Analysis

After years hidden in the background, artificial intelligence is getting pushy: Don Pittis

Are you willing to let a computer make big decisions for you? Even if your answer is no, tech giants and industry experts are betting that will change.

And experts say we'll get used to it

A robot personally assembles a robot and sells it. Artificial intelligence is getting in your face. (Hannibal Hanschke/Reuters)

It may seem crazy, but the world's biggest retailer is working on a scheme to use artificial intelligence to decide what you will want to buy before you've decided to buy it and send it to your home.

AI, after years lurking in the background, is about to get significantly more intrusive.

And according to the experts, despite any protests to the contrary, we're going to get used to it.

Sometimes called "deep learning" or "machine learning" to distinguish it from the science fiction monsters that wrench power from human hands, the science of algorithmic prediction has suddenly become more powerful and pervasive than most of us realize.

But as Canadian artificial intelligence whiz Ajay Agrawal, co-founder of the startup Kindred AI, says in his new book, Prediction Machines, the power of machine learning is only half the reason it's worming its way into so many parts of your life.

Powerful and cheap 

As an economist, Agrawal insists the second, and possibly more important reason, is that the cost of AI is plunging. And as he says, "Cheap changes everything." 

Agrawal, who among many other things is also a professor at the University of Toronto's Rotman School of Management, says if it isn't already, AI is about to get in your face. AI will be telling you what to do, and it will be telling you in its own words.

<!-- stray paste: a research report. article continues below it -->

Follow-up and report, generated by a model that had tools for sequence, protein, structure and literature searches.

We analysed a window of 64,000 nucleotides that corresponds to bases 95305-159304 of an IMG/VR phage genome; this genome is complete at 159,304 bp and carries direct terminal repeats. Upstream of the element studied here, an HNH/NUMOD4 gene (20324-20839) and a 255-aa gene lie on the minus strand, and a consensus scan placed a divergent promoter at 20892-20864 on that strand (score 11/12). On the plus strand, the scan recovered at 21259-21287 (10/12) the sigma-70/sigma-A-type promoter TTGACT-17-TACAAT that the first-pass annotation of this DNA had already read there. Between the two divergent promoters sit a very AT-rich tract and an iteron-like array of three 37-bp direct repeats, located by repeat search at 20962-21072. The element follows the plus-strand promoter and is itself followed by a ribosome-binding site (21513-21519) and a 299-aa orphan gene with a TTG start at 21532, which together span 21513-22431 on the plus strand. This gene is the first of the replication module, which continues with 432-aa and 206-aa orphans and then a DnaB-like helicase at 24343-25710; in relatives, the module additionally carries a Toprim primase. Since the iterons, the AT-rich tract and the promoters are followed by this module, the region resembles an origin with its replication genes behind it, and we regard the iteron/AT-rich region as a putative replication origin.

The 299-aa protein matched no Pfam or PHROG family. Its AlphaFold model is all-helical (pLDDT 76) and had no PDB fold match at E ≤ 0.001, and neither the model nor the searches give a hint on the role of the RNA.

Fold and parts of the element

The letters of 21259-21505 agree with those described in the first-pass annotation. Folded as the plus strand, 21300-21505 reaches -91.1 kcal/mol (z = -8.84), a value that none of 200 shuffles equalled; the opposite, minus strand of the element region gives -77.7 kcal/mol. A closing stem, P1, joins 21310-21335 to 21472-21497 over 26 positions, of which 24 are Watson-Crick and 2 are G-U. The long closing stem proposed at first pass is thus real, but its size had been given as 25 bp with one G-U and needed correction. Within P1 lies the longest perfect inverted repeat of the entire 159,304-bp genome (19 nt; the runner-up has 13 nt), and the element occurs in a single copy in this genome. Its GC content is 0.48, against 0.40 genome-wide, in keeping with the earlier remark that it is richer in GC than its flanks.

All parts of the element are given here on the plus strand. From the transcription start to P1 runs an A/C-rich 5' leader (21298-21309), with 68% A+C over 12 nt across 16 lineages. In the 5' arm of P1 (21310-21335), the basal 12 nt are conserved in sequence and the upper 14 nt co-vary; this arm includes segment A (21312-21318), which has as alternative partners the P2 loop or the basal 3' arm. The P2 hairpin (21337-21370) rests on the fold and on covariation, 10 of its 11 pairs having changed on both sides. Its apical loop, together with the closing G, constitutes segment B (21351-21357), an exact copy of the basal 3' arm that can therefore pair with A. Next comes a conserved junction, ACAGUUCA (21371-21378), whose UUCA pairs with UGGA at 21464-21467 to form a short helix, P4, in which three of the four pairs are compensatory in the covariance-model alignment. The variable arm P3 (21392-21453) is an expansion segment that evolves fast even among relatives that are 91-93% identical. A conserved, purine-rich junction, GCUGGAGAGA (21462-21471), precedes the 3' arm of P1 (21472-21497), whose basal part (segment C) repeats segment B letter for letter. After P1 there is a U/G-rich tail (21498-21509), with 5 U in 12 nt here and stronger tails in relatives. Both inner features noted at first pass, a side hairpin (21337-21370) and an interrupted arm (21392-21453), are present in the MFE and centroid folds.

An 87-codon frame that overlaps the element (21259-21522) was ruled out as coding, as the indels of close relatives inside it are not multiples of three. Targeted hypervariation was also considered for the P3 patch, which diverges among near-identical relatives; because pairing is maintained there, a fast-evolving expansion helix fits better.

For search engines, 80 per cent accuracy is fine, but the artificial intelligence that runs self-driving cars must be nearly perfect. (Paul Chiasson/Canadian Press)

"I think what will be, over the next 24 months, the most noticeable AIs that the average person will deal with will probably be in those two formats, through recommendation and through chat," he says.

The process has already started as shopping sites suggest what you should buy next and Siri responds to your questions, but expect it to be more obvious and more widespread.

Most people who don't think they use artificial intelligence are merely those who don't realize they are using it.

Until now, AI has flown under the radar in most of our lives, doing things such as preventing credit card fraud, filtering spam and smoothing out the action in video games, to mention just a few examples.

'AI first' strategy

No longer merely an interesting research project with an exciting future, companies large and small are adopting a strategy of "AI first." And that will change everything.

"If you want to understand the priorities of a technology company, first look at the seating chart," the New York Times reported earlier this year.

The boss of Google, Sundar Pichai, had reorganized the corporate seating plan so that he was surrounded by the company's artificial intelligence team, demonstrating the No. 1 priority in the organization. Other technology companies have done the same thing after deciding AI is the most important key to their success.

"What doesn't generally get as much press coverage is that when something becomes first, something else becomes second," says Agrawal.

"Effectively, what it means to be AI first, it means that a company is prioritizing prediction accuracy above everything else, so above short-term revenues, above user experience," he says. "Potentially, above privacy."